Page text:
Steven Allan Spielberg was born on December 18, 1946 in Cincinnati, Ohio. His mother, Leah (''née'' Posner, later Adler; January 12, 1920 – February 21, 2017), was a restaurateur and concert pianist, and his father, Arnold Spielberg (February 6, 1917 – August 25, 2020), was an electrical engineer involved in the development of computers. His family were Orthodox Judaism, Orthodox Jewish. Spielberg's paternal grandparents were History of the Jews in Ukraine, Jews from Ukraine, who settled in Cincinnati in the 1900s; his grandmother was from Sudylkiv, and his grandfather was from Kamianets-Podilskyi. Spielberg has three younger sisters: Anne Spielberg, Anne, Sue and Nancy. In 1952, his family moved to Haddon Township, New Jersey after his father was hired by RCA. Spielberg attended Hebrew school from 1953 to 1957, in classes taught by Rabbi Albert L. Lewis. In early 1957, the family moved to Phoenix, Arizona. Spielberg had a Bar and bat mitzvah, bar mitzvah ceremony when he was thirteen. His family was involved in the synagogue and had many Jewish friends. Of the the Holocaust, Holocaust, he said that his parents "talked about it all the time, and so it was always on my mind." His father had lost between sixteen and twenty relatives in the Holocaust. Spielberg found it difficult accepting his heritage; he said: "It isn't something I enjoy admitting [...] but when I was seven, eight, nine years old, God forgive me, I was embarrassed because we were Orthodox Jews. I was embarrassed by the outward perception of my parents' Jewish practices. I was never really ashamed to be Jewish, but I was uneasy at times." Spielberg also suffered from Antisemitism, anti-Semitism: "In high school, I got smacked and kicked around. Two bloody noses. It was horrible." He grew away from Judaism during adolescence, after his family had moved to various neighborhoods and found themselves to be the only Jews. At age 12, he made his first home movie: a train wreck involving his toy Lionel Corporation, Lionel trains. In 1958, he became a Scouts BSA, Boy Scout and fulfilled a requirement for the photography Merit badge (Boy Scouts of America), merit badge by making a nine-minute, 8 mm video format, 8 mm film titled ''The Last Gunfight''. He eventually attained the rank of Eagle Scout (Boy Scouts of America), Eagle Scout. Spielberg used his father's movie camera to make amateur features, and began taking the camera along on every Scout trip. At age 13, Spielberg made a 40-minute war film, titled ''Escape to Nowhere'', with a cast of school classmates. The film won first prize in a statewide competition. Throughout his early teens, and after entering high school, Spielberg made about fifteen to twenty 8 mm "adventure" films. In Phoenix, Spielberg watched films at the local theatre every Saturday. Some of the films he cited as early influences include ''Godzilla, King of the Monsters!, King of the Monsters'' (1956), ''Captains Courageous (1937 film), Captains Courageous'' (1937), ''Pinocchio (1940 film), Pinocchio'' (1940), and ''Lawrence of Arabia (film), Lawrence of Arabia'' (1962), which he cited as "the film that set me on my journey". He attended Arcadia High School (Phoenix, Arizona), Arcadia High School in 1961 for three years. He wrote and directed his first independent film in 1963, a 140-minute science fiction adventure called ''Firelight (1964 film), Firelight'', which would later inspire ''Close Encounters of the Third Kind, Close Encounters of The Third Kind''. The film was mainly funded by his father, which had a budget of under $600, and was shown in a local theatre for one evening. In the summer of 1964, he worked as an unpaid assistant at Universal Studios' editorial department. His family later moved to Saratoga, California where he attended Saratoga High School (California), Saratoga High School, graduating in 1965. A year later, his parents divorced. Spielberg moved to Los Angeles to stay with his father, while his three sisters and mother remained in Saratoga. He was not interested in academics; he aspired to be only a filmmaker. He applied to the University of Southern California's film school but was turned down because of his mediocre grades. He then applied and enrolled at California State University, Long Beach, where he became a brother of Theta Chi Fraternity. In 1968, Universal gave Spielberg the opportunity to write and direct a short film for theatrical release, the 26-minute, 35 mm movie film, 35 mm ''Amblin'''. Studio vice-president Sidney Sheinberg was impressed by the award-winning film, and offered Spielberg a seven-year directing contract. A year later, he dropped out of college to begin directing television productions for Universal. It made him the youngest director to be signed to a long-term plan with a major Hollywood studio. Spielberg returned to Long Beach in 2002 to complete his Bachelor of Arts in Film and Electronic Media.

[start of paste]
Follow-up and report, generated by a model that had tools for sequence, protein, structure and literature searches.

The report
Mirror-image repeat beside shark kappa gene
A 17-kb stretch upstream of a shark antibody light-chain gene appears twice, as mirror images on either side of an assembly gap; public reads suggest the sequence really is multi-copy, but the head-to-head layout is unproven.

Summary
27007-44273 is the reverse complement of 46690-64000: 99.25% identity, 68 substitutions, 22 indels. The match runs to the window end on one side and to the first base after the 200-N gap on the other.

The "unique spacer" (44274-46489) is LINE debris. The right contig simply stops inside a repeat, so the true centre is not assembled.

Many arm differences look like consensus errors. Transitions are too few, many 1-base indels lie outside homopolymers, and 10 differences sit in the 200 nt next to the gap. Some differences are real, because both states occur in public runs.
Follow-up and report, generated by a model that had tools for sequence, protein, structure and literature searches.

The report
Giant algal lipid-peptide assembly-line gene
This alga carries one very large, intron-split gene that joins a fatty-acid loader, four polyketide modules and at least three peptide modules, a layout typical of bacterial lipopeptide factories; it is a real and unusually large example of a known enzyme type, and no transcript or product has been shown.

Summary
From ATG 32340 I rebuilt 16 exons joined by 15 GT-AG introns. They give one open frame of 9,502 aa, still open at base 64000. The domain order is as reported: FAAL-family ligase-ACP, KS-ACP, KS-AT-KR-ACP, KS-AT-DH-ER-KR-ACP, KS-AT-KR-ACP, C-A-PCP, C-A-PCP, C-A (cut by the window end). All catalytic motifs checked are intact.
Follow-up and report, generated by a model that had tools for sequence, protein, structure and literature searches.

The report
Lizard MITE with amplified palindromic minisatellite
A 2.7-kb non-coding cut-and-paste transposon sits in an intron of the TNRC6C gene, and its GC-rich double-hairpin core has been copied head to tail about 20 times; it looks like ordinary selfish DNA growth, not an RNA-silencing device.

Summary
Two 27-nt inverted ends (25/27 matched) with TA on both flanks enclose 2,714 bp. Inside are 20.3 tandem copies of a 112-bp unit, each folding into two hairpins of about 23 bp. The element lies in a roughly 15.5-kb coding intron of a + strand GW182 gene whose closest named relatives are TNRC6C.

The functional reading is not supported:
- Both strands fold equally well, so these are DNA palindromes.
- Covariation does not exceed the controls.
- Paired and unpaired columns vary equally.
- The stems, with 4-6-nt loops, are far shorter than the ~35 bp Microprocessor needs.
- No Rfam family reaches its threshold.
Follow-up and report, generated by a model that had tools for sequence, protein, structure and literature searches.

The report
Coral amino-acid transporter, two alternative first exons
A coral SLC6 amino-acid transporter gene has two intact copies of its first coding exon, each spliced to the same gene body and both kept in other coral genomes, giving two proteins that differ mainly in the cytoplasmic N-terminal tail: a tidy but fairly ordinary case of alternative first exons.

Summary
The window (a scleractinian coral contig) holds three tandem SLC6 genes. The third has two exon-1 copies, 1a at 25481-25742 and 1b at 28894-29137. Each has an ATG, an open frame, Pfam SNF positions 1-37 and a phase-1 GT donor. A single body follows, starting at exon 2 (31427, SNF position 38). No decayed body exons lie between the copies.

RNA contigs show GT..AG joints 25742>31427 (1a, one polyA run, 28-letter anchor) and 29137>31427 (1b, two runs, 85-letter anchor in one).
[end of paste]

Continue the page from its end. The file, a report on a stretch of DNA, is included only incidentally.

Career